An essential tool for phase-coherent, multi-mic recording.
The Radial Phazer is a +4dB line level phase alignment tool that lets you bring two sound sources into phase alignment to guarantee that the fundamental frequencies play in sync. On electric guitar, for example, you can use the Radial Phaser to combine the direct feed from an amp with the signal of a room mic to create incredibly fat, rich tones. On a kick drum you can combine the attack from a close mic'd bass drum batter head with the boom picked up by an ambient shell mic. Combining top and bottom snare mic signals nets you a big in-your-face sound. For acoustic instruments, combining a spot mic with a room mic captures textures like you've never heard before.
Unlike Class-AB devices that suffer from zero-cross distortion, the Radial Phazer is designed from the ground up for optimum sound quality and features 100% discreet Class-A circuitry. This results in smooth and natural sounding phase curves that are particularly important in the lower frequency spectrum. 0 to 180 degree phase adjustment is performed with a single knob, making it easy to zone in on the sweet spot. For the more adventurous, a 180-degree polarity reverse switch accesses the 181 to 360 degree range and lets you create weird to absurd 'Phazed' tonal textures. This is augmented with a variable low-pass filter that lets you focus the effect in the lower frequency spectrum where phasing is most audible.
Built Radial-tough for the road, the Phazer is equipped with an innovative bookend design that creates a protective zone around the knobs and switches. Construction is 14-gauge steel with a welded internal I-beam frame that protects the sensitive electronics in even the harshest touring environments. A bottom no-slip pad provides electrical insulation to eliminate electrical bonding, and mechanical isolation to reduce mishap.
The Radial Phazer is a creative tool for the studio designed to expand your tonal palette. Live, it delivers great sound fast and may well turn into your best audio soul mate.
Messing around with 'time travel' is not new… In the dark ages of the 1970s, MXR, with their groundbreaking Phase 90 and Phase 100, ignited interest in phasing by way of modulating the phase effect for electric guitar. This inspired Radial's chief engineer Denis Rozon to start messing with phase circuits in the early 1980s. Fast-forward 20 years, MXR is re-launched by Dunlop and these 'vintage' remakes are once again available to the masses. Radial has taken a different route, targeting not guitar pedals, but audio signal paths.
What few realize is that beyond the sweeping phase effect, minute phase adjustments can lead to actually creating more natural sounds. It has to do with physics or more precisely, the physical location of the desired sound source and the various devices used to capture the sound.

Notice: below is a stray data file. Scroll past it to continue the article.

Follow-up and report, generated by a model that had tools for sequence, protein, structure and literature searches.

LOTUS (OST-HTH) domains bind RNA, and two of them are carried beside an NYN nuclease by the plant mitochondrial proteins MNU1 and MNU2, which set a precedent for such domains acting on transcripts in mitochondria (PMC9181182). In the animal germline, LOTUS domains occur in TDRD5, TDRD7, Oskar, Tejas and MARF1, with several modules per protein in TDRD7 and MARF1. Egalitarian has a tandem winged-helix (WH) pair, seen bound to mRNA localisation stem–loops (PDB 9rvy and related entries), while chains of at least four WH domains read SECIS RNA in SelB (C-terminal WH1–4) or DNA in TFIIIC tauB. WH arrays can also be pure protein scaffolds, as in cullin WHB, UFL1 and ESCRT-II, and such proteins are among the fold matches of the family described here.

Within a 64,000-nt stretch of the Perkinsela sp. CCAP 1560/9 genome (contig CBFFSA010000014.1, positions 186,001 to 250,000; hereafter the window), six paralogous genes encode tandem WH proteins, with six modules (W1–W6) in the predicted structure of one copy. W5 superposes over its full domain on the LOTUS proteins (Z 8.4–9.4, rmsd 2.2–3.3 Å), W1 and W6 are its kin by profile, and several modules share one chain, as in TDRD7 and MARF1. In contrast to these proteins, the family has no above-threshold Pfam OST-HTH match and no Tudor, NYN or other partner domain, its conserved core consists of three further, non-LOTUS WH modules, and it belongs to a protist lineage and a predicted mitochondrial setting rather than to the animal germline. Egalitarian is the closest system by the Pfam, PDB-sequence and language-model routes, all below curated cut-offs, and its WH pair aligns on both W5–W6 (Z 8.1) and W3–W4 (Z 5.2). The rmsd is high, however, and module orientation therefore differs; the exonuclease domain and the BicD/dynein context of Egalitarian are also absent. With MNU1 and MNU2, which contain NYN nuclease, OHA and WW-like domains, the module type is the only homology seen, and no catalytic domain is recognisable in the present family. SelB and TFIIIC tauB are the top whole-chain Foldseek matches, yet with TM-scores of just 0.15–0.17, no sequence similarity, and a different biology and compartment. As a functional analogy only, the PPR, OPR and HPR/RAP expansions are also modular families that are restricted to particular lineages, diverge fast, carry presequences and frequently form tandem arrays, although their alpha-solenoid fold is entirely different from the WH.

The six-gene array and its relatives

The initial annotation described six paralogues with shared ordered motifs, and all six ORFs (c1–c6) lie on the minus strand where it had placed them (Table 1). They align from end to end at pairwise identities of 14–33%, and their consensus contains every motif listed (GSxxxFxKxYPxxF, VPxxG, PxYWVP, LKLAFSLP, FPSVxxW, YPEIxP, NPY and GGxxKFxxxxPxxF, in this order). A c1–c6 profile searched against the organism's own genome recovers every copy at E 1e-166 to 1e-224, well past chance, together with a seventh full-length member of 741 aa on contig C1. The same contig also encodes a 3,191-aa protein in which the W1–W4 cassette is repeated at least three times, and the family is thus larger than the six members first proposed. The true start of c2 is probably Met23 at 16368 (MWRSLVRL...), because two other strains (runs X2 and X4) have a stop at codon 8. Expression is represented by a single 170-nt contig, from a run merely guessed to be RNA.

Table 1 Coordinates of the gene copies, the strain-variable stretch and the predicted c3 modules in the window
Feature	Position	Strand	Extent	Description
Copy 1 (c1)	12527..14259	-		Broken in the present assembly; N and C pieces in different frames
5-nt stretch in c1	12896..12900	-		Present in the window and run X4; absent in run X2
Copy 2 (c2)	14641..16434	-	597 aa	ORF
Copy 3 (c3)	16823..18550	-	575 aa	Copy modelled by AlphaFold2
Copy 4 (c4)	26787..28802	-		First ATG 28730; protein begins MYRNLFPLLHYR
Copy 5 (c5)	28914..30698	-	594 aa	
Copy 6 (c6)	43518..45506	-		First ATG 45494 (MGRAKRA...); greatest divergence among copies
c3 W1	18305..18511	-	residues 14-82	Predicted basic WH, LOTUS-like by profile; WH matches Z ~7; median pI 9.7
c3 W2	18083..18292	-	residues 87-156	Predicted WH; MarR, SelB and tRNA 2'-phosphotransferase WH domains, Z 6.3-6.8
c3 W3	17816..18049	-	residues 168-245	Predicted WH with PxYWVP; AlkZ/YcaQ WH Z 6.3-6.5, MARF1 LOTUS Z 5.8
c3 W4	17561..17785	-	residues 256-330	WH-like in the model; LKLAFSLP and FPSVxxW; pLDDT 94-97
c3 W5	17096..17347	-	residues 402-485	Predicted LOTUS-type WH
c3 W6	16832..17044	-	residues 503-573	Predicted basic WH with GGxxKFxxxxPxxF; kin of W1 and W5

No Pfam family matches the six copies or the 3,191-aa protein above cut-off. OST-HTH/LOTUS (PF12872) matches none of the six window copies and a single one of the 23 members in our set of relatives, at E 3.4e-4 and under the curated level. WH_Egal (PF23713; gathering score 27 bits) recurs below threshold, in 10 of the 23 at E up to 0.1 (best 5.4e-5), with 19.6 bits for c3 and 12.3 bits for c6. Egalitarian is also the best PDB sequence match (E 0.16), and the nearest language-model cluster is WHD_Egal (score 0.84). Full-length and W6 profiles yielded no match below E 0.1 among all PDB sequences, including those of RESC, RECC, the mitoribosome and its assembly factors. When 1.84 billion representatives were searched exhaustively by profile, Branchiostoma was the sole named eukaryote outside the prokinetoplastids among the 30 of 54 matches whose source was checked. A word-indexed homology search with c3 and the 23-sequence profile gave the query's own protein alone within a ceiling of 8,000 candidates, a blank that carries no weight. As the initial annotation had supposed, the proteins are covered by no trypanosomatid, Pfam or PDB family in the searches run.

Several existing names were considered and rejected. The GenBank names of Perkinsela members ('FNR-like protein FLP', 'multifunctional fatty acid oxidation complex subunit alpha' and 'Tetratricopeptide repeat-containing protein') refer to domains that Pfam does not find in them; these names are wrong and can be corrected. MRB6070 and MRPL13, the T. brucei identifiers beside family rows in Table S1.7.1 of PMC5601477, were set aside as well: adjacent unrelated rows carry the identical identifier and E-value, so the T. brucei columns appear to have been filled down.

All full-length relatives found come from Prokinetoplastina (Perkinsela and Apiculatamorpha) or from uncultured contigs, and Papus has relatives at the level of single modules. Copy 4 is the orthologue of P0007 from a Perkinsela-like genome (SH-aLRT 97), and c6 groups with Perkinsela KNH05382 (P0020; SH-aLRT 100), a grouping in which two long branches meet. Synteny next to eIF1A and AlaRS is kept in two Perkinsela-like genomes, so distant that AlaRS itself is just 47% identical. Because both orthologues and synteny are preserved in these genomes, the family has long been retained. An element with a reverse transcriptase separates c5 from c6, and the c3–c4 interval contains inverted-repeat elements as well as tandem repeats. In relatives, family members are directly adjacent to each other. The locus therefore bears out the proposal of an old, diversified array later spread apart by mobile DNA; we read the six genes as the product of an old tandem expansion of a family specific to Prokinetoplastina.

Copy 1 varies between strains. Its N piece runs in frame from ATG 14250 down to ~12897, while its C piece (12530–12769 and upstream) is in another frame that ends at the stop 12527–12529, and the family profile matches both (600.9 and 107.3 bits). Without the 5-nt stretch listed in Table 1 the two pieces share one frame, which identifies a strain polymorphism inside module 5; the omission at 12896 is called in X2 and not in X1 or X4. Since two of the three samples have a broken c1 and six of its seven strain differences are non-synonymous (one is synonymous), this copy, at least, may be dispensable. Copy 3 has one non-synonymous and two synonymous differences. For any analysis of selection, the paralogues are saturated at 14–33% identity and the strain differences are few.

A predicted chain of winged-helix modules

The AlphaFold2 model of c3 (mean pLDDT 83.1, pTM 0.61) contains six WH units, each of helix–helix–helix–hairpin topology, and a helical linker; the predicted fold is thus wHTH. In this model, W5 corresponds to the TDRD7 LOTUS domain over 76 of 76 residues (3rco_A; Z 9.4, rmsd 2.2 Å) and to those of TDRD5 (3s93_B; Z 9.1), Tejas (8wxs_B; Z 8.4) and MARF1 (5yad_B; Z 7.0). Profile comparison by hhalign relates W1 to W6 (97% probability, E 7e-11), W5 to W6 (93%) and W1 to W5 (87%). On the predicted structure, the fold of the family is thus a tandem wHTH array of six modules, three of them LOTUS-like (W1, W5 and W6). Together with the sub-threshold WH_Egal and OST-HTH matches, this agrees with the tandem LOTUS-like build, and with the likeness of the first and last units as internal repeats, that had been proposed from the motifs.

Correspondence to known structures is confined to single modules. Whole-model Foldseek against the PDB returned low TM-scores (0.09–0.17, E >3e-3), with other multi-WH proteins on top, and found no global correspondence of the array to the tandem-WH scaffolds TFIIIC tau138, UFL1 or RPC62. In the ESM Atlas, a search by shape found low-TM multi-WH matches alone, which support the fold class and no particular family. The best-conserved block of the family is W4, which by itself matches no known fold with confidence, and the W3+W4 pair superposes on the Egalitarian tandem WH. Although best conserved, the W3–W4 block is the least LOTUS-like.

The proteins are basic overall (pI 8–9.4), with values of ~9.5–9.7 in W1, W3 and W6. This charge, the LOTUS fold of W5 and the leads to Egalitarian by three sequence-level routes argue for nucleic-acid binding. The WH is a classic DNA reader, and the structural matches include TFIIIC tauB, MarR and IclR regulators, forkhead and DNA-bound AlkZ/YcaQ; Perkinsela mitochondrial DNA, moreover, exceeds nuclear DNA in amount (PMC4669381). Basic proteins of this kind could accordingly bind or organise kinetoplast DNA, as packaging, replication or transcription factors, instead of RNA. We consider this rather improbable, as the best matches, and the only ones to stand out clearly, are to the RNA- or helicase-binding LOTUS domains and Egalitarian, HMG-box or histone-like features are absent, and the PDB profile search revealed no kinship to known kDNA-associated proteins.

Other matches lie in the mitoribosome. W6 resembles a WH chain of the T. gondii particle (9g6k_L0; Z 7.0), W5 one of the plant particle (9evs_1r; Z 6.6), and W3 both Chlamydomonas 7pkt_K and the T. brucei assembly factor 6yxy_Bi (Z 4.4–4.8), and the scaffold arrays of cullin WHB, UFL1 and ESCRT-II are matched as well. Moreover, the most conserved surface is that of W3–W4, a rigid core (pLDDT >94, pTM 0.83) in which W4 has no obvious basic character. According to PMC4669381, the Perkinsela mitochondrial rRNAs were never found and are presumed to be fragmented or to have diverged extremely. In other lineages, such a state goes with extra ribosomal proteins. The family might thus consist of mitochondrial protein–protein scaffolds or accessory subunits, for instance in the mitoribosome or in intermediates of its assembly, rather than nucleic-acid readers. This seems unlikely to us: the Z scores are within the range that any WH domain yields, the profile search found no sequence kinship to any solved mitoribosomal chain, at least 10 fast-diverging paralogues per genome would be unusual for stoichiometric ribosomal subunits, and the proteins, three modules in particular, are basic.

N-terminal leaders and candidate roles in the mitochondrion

Sound travels at roughly 1100 feet per second (340 meters per second) while electricity is estimated to travel at 650,000 feet per second (200,000 meters per second) or roughly 600 times faster. This means that if you were to combine the direct feed from a guitar amplifier with a microphone, by the time the amplifier pushes the speaker outwards and the sound travels through air before it enters the mic, it will be minutely delayed with respect to the direct (hard wired) signal.
This 'phase mismatch' is even more pronounced when two microphones are used on the same instrument. Imagine, for instance, an acoustic guitar with one microphone positioned directly adjacent to the sound hole and a second mic elevated and 10 feet (3 meters) away from the instrument in an effort to capture a sense of natural space and ambiance. Some sound engineers often spend hours moving microphones around the room in an effort to find the sweet spot or the position where phase anomalies will be less pronounced.
These phase anomalies create an effect known as comb filtering. This occurs when a sound is combined with a delayed version of itself in a given acoustic space. When the fundamentals and harmonics mix together the frequencies will either combine to amplify each other when in phase or cancel each other out when out of phase, depending on where you place the two microphones relative to each other. Visually, the resulting frequency response curve looks somewhat like a comb, hence the name comb-filter. This usually produces a hollow or unnatural tone.